Top 10 Marketing Cloud Mistakes. Arrows missing a target

Top 10 Marketing Cloud Mistakes (and How to Avoid Them)

Mistakes can be made when using any enterprise platform and Marketing Cloud is no exception to the rule. Most user-based mistakes are caused by taking shortcuts, like an inadequate implementation, failing to invest in training, or not testing. However there are always some mistakes that are inevitable and all part of the learning process. Someone once helpfully explained to me that “you learn Marketing Cloud by making mistakes — the bigger the mistake, the more you learn.” And he was right.

In this post, I’ve identified the top ten mistakes in Marketing Cloud that I see users regularly make, so you can avoid them.

1. From Address Management

The From Address Management feature in Marketing Cloud Setup lets you verify email addresses and domains that you use as your ‘From address’ when sending emails from the platform.

From Address Management in Marketing Cloud Setup

But there’s a lot of ambiguity on what this feature actually does. Some assume that simply by adding email addresses or domains to this feature, you can send emails from the email address or domain. And that’s right, but you’ll also experience deliverability issues. To understand why, it’s first necessary to explain how a mail server works.

When a mail server receives emails, it validates that the outgoing server (which sent the email) has permission to send emails on behalf of the domain. Simply put, it uses a set of security mechanisms to prevent ‘bad guys’ from sending emails on your behalf. This includes checking published DNS (Domain Name System) records for an SPF (Sender Policy Framework) record to validate that the IP address of the server used to send the email has permission to do so. Additionally, most mail servers also check for the presence of a DKIM (DomainKeys Identified Mail) signature header in the email and compare this against the sender’s public DKIM key in the published DNS records, which is a method to sign your emails in a way that will allow the recipient’s server to check if the sender was really you or not. Additionally, some mail servers also use DMARC (or Domain-based Message Authentication, Reporting, and Conformance), which is an email authentication method that checks whether the message’s ‘From’ header matches the sending domain, when SPF or DKIM checks the message (referred to as ‘alignment’).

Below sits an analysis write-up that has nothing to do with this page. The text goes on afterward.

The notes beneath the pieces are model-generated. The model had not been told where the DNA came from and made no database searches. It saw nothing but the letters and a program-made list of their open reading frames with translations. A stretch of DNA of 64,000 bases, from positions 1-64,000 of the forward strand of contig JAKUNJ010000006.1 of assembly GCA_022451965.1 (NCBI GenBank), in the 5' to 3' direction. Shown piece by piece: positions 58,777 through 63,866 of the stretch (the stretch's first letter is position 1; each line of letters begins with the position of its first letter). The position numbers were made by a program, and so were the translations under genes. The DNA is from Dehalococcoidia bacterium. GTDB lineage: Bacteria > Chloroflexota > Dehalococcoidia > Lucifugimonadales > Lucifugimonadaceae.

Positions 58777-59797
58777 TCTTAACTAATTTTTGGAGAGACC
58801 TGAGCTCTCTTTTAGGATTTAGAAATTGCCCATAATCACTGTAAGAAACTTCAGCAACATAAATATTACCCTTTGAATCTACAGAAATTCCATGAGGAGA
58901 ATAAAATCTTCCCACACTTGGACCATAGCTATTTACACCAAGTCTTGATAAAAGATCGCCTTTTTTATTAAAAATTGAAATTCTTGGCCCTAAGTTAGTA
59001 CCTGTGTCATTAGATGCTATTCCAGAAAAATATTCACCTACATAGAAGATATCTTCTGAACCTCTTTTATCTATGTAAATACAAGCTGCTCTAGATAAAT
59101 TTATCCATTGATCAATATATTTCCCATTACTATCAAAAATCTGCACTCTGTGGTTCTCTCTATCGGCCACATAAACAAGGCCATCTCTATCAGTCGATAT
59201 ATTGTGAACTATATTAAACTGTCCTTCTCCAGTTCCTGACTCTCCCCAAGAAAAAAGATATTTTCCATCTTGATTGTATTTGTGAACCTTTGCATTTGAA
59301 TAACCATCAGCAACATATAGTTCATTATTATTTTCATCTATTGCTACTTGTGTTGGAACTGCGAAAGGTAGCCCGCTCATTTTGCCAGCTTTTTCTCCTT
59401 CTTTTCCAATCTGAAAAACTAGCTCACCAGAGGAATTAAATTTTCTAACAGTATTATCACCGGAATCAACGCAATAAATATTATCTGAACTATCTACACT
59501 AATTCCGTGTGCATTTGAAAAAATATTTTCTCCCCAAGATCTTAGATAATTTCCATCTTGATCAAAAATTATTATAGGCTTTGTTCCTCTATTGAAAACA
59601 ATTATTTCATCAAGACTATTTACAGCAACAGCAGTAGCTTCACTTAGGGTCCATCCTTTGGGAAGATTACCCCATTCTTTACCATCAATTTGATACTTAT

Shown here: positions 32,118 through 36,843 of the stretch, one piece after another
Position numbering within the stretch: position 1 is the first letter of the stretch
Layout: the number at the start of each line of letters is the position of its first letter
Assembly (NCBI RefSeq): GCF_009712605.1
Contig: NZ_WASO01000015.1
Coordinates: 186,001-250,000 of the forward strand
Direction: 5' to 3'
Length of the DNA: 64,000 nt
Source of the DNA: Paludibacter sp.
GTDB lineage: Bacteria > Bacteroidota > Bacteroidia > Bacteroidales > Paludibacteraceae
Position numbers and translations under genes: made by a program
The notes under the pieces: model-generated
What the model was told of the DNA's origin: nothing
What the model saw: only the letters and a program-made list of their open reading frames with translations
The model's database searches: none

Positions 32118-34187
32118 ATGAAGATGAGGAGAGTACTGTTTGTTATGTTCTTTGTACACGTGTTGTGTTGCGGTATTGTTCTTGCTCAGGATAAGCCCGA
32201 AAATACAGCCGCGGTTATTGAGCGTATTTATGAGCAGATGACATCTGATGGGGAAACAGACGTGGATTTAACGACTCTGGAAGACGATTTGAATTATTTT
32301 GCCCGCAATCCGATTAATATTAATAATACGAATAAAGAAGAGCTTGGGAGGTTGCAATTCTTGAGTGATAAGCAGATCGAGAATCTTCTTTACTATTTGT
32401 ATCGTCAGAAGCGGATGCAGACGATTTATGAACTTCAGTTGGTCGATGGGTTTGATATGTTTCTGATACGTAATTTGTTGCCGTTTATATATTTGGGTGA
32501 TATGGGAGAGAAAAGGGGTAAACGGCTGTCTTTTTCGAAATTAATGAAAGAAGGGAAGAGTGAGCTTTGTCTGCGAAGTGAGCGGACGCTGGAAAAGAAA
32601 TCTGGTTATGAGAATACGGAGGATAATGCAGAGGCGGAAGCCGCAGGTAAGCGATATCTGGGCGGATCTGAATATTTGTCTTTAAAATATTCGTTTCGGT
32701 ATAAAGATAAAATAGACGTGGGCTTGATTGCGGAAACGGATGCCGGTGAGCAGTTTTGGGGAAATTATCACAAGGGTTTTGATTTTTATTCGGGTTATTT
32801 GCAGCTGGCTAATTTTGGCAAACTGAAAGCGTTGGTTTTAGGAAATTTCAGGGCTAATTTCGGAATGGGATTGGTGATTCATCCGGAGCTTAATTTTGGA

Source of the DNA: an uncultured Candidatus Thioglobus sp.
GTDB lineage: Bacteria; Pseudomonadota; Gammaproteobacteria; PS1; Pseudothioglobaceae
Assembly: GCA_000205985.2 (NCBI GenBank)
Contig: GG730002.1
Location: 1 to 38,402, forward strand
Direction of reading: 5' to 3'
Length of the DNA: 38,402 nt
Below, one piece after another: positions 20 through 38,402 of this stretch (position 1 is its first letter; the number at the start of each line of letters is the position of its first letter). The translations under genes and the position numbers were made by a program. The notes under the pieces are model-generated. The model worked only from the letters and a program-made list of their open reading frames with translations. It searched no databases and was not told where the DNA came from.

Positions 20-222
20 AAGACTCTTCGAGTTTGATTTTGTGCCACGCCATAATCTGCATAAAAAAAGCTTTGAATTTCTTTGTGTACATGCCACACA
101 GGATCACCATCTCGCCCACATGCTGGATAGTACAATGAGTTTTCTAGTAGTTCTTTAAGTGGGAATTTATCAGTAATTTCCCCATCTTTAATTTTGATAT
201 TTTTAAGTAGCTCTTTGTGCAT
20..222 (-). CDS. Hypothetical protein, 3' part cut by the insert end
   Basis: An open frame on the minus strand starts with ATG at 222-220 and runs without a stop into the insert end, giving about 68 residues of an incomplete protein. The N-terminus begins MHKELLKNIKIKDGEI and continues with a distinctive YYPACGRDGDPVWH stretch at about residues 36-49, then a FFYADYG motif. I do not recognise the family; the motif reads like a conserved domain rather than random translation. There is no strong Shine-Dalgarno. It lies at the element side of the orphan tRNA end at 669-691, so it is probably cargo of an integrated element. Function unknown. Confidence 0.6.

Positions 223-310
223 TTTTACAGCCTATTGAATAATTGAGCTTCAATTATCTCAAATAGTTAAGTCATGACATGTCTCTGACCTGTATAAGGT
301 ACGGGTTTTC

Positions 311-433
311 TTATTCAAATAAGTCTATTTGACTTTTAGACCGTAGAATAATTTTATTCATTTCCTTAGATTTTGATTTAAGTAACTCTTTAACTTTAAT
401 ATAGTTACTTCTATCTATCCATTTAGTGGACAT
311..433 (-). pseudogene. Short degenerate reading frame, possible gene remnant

These DNS records are typically added when a Sender Authentication Package (SAP) or Private Domain is provisioned on your Marketing Cloud account. And without these records, the mail server may filter these emails, which will directly affect email deliverability.

From Address Management is really only for compliance purposes — it ensures that you don’t send an email on behalf of a domain that you don’t own. You should always ensure that the domain used in the ‘From’ address has valid SPF, DKIM and DMARC records. This can be validated by opening an email in your email client and checking for ‘pass’ values for these records in the email header.

Viewing an email source in Gmail web client

2. Email Address Update Behavior

When sending emails from Content Builder or from a Send Email activity in an automation, the email address used to send an email to a Subscriber will not be updated based on the value of your email address field in your Data Extension. That’s because by default, this email address is only used when creating a new Subscriber record at send time.

Subscriber email behavior for different email sending scenarios

If your Sendable Data Extension contains different email addresses for Subscribers (with a matching Subscriber Key) who exist in the All Subscribers list, then you should consider sending the email from a Journey. Alternatively, you can update the email address of the affected Subscribers in the All Subscribers list before sending.

3. Viewing Activities in an Automation

Once an automation has been activated in Automation Studio, it can’t be modified and activities can’t be viewed on the automation canvas without pausing the automation. And there are many scenarios when you would need to view an existing activity in an automation—perhaps you want to review SQL code in query activities or check an activities’ configuration.